10. The miniature microphone component according to claim 1, wherein the conductive rubber contacts have a compression resilience of 30-80 measured with Method A in JIS K6301.
11. The miniature microphone component according to claim 1, built into a small-size portable communication device.
12. The miniature microphone component according to claim 11, wherein the small-size portable communication device is a mobile phone.
13. The miniature microphone component of claim 1, wherein said contacts have a width dimension at base portions thereof fixed to the terminal area, and a height dimension, and said width dimension is substantially equal to said height dimension.
14. A miniature microphone component, comprising:
a microphone having a first end surface, a second end surface, a perimeter surface extending between the first and second end surfaces, and a terminal area on one of the first and second end surfaces;
conductive rubber contacts self-adhesively formed and fixed by casting a not-yet-hardened conductive rubber compound into a predetermined form on the terminal area of the miniature microphone, and then hardening the compound on the terminal area;
a cylindrical rubber bashing surrounding the perimeter surface of the microphone, the rubber bushing including a first flange that is disposed over and at least partially covers the first end surface of the microphone, and a second flange that is disposed over and at least partially covers the second end surface of the microphone;
wherein said contacts are integrated into the terminal area of the microphone and project beyond an outer surface of the rubber bushing; and
the conductive rubber contacts are elastically compressible and configured so as to be area-contacted under pressure-induced elastic deformation with a terminal portion on a circuit board.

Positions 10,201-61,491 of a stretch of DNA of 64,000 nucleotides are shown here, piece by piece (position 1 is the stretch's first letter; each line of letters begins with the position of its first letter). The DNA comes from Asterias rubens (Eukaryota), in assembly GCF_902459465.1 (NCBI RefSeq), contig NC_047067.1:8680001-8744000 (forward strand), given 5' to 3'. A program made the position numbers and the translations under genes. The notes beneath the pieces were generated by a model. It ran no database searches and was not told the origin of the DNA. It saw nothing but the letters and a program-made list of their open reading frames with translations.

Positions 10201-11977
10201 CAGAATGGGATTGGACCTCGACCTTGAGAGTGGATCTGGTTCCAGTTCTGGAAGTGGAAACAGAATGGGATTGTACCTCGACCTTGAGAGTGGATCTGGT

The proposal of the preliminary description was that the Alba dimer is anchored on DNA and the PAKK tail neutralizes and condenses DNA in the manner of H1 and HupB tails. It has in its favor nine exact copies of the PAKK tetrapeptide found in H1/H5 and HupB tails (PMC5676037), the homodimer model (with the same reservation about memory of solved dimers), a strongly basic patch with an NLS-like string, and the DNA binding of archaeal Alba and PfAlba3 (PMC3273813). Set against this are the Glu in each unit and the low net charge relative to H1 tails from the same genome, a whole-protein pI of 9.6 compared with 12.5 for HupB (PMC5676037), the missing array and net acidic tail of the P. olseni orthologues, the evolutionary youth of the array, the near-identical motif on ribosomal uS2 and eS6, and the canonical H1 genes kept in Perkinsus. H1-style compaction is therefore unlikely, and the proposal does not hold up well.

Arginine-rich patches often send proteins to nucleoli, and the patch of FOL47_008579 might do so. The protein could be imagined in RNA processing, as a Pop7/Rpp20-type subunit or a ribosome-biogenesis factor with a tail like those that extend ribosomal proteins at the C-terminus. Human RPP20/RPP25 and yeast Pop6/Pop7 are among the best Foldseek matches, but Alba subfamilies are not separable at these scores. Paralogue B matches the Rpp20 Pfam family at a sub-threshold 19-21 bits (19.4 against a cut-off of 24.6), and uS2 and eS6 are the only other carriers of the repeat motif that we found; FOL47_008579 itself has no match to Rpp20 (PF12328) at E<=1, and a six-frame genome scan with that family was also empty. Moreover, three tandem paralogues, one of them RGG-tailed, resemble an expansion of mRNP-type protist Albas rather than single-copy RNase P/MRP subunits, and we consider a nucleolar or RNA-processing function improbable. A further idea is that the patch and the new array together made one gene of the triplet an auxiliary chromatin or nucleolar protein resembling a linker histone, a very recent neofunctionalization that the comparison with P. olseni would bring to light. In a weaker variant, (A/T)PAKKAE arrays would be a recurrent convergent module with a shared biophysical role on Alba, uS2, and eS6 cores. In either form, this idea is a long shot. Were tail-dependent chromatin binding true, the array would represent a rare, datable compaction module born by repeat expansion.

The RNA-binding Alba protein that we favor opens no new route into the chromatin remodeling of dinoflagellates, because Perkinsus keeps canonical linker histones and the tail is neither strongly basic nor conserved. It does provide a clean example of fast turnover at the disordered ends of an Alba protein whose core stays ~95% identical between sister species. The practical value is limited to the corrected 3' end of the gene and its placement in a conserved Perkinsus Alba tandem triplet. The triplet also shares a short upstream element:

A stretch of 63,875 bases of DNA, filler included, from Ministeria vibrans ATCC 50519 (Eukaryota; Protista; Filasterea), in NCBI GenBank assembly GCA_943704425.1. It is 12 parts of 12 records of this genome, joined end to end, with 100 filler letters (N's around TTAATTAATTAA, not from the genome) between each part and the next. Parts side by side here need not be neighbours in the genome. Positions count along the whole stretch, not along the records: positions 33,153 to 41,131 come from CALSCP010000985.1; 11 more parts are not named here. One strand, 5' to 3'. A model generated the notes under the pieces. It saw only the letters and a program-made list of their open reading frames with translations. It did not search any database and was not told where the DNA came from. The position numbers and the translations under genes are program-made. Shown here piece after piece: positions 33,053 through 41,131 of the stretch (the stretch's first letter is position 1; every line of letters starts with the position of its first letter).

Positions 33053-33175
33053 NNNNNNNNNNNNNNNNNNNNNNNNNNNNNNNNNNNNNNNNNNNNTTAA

15. The miniature microphone component of claim 14, wherein said terminal area is on said first end surface, and wherein an area of said first end surface covered by said first flange is less than an area of said second end surface covered by said second flange.
16. The miniature microphone component of claim 14, wherein one of said flanges projects further toward a center of the respective said end surface than the other said flange.
17. The miniature microphone component of claim 14, wherein the thickness of said first flange is substantially equal to the thickness of said second flange.
18. The miniature microphone component of claim 17, wherein the cylindrical rubber bushing surrounding the perimeter surface of the microphone includes a thickness that is substantially equal to the thickness of said first and second flanges.
19. The miniature microphone component of claim 14, wherein said contacts have a width dimension at base portions thereof fixed to the terminal area, and a height dimension, and said width dimension is substantially equal to said height dimension.
Description
FIELD OF THE INVENTION

The present invention relates to a miniature microphone component that is optimized for insertion into the main body of a small-size communication device such as a mobile phone or a mobile radio.

BACKGROUND OF THE INVENTION

At present, the development of ever smaller and lighter small-size portable communication devices is well-established, and thus microphone elements to be used as components of such communication devices are also becoming smaller. For the installation of a miniature microphone in such a communication device, a thin lead wire is soldered to connect the terminals of the miniature-microphone-side to the terminals on a circuit board in the main body of the small-size communication device, and then the miniature microphone is covered with a rubber casting as a seal against vibrations and inserted into the small-size communication device.

However, the process of attaching the miniature microphone by soldering with a thin lead wire leads to the problems that the product quality is not steady, because this process involves a delicate soldering job that has to be performed by hand and hardly can be automatized, and the installation space cannot be made narrower, since the lead wire has to be connected.